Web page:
In 2012, armed Islamic extremist groups occupied northern Mali. Proponents of strict Sharia law, these groups destroyed many Sufi religious shrines and heritage sites, labeling them as idolatrous. After a return to stability, the recommendations of a UNESCO expert conference led to the January 2014 workshop, “Museums Facing Situations of Armed Conflict: A Regional Workshop for West African Museum Professionals” at the National Museum of Mali in Bamako. Attended by museum professionals from eight West African countries, the week-long workshop was organized by the Mali Ministry of Culture and National Museum of Mali, the International Council of Museums (ICOM), the Smithsonian Institution, UNESCO Mali, and the French Ministry of Culture. Topics included disaster risk reduction and security for museums and collecting institutions, engaging communities in museum collecting and exhibition development, and ways museums can help their communities, including post-conflict reconciliation and resilience building.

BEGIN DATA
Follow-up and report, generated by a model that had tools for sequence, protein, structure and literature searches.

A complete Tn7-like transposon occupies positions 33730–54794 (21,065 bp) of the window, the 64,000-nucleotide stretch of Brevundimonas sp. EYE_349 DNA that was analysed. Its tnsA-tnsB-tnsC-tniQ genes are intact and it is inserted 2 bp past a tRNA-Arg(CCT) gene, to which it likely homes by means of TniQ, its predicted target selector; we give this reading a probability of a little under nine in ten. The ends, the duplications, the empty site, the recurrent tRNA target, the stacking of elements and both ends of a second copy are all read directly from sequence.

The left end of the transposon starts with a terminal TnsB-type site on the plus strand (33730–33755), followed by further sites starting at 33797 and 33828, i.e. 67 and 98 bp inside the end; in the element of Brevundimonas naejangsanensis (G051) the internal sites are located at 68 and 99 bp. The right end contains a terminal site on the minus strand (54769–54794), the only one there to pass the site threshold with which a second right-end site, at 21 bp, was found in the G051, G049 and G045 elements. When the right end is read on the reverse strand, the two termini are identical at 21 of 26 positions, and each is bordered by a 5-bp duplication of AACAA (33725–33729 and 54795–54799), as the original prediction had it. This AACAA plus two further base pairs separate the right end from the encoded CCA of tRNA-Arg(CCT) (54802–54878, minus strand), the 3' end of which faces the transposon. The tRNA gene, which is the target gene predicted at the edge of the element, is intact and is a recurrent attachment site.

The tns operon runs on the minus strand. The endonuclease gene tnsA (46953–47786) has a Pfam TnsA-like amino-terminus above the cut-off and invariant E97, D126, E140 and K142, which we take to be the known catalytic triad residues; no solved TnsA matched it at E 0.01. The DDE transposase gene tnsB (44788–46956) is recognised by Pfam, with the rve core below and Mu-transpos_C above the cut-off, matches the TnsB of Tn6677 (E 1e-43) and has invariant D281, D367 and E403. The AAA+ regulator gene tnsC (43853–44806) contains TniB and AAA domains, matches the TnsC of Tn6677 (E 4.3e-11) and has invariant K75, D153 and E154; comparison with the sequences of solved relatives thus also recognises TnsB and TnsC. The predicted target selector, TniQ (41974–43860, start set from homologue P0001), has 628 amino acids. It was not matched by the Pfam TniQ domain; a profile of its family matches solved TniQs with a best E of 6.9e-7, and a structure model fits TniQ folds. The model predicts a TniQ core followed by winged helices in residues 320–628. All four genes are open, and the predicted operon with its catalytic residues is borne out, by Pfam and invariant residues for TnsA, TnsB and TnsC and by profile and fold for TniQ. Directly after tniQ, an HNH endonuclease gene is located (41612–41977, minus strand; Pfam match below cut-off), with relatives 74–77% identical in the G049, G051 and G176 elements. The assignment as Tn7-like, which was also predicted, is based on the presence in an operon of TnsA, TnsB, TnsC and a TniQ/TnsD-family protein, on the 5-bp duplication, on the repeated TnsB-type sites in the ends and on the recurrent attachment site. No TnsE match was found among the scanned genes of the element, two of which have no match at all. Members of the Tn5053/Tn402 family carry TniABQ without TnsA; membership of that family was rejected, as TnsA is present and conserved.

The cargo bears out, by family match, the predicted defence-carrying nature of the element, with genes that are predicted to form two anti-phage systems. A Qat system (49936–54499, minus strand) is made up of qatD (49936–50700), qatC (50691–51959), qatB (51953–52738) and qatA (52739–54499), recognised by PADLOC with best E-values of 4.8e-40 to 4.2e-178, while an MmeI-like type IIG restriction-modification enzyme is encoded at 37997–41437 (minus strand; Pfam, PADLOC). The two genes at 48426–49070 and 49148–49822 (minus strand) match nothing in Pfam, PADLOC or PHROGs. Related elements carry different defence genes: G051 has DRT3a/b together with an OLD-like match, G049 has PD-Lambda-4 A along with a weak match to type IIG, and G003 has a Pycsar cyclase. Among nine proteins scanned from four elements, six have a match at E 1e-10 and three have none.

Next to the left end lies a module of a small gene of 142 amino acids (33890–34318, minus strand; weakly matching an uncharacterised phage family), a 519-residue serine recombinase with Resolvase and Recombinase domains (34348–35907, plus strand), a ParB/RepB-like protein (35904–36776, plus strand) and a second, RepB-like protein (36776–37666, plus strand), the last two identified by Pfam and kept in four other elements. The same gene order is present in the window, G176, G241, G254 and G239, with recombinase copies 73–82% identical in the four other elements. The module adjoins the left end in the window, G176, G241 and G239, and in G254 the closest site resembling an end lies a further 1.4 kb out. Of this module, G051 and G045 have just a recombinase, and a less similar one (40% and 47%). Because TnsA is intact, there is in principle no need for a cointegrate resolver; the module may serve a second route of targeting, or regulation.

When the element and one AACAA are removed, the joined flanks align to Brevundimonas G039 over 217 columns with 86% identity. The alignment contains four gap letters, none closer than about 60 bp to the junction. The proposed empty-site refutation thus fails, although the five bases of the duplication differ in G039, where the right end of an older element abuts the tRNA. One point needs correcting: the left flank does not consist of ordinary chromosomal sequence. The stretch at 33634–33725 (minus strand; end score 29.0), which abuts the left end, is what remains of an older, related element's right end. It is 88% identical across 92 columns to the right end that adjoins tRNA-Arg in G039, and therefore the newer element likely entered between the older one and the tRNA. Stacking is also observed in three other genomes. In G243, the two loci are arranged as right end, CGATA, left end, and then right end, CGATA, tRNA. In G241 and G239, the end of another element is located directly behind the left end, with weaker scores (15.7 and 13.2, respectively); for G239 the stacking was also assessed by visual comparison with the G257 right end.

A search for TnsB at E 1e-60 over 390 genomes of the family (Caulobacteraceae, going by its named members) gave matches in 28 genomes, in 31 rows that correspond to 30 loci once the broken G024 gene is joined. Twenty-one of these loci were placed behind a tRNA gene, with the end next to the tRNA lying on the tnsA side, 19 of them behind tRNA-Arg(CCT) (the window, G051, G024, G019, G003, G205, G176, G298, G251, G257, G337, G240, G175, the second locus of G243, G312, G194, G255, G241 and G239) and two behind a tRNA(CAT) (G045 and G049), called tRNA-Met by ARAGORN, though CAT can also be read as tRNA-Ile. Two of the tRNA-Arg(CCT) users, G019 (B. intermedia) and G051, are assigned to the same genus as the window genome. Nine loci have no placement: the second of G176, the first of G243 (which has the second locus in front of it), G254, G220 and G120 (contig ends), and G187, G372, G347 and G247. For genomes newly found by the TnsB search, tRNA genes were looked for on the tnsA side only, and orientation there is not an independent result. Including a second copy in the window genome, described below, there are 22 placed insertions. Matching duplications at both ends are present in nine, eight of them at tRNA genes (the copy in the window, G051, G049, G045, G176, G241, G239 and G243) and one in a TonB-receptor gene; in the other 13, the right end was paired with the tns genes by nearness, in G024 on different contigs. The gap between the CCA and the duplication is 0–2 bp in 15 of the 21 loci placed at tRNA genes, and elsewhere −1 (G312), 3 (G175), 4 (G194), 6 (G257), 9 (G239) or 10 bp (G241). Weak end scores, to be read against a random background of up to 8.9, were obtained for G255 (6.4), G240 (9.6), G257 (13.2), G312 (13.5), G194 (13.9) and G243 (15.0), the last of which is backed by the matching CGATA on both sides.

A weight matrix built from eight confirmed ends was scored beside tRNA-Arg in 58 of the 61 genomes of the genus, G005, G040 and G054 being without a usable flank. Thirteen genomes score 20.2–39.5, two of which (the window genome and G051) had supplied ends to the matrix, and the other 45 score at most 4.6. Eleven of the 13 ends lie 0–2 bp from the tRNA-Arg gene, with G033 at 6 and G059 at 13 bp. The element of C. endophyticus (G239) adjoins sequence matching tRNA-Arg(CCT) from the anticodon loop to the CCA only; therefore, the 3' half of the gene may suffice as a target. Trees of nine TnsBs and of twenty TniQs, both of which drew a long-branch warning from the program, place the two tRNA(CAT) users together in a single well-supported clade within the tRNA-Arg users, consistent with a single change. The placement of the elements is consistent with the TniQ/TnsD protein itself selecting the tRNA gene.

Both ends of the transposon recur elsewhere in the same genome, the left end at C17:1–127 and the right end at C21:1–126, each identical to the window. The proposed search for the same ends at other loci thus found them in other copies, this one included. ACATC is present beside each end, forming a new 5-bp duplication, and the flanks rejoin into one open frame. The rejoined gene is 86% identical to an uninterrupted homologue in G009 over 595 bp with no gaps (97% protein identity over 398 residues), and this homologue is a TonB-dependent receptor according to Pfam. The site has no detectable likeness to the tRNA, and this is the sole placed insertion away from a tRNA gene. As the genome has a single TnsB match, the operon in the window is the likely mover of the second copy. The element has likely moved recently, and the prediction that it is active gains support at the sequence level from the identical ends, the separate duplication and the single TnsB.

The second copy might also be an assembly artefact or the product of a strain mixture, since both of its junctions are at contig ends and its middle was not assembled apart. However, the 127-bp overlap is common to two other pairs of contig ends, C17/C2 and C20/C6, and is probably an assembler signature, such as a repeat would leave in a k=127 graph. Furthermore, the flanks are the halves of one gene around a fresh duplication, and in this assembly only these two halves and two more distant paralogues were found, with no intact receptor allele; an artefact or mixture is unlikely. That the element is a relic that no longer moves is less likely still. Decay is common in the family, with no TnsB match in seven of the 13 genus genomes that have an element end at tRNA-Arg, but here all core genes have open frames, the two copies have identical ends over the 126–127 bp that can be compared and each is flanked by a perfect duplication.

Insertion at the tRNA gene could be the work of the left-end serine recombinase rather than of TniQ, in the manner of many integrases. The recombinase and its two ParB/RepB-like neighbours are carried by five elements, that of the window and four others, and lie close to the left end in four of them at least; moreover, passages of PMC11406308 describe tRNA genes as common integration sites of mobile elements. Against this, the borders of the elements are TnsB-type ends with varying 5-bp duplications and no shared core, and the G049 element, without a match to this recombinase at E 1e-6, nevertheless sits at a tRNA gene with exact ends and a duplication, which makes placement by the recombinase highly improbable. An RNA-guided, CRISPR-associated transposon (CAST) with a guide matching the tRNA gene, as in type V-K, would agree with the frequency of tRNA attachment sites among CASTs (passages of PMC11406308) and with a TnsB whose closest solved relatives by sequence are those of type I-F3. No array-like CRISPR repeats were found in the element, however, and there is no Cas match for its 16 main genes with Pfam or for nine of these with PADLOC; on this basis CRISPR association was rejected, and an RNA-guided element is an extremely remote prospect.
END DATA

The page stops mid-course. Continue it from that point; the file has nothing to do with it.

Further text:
Workshop leaders included Samuel Sidibe, Director, National Museum of Mali; Corine Wegener, Cultural Heritage Preservation Officer, Smithsonian Institution; Mary Jo Arnoldi, Anthropologist, Smithsonian National Museum of Natural History; Diana N’Diaye, Cultural Specialist, Smithsonian Center for Folklife and Cultural Heritage; Guy Tubiana, Museum Security Chief, French Ministry of Culture and Communication; and France Desmarais, Director of Programs and Development, International Council of Museums.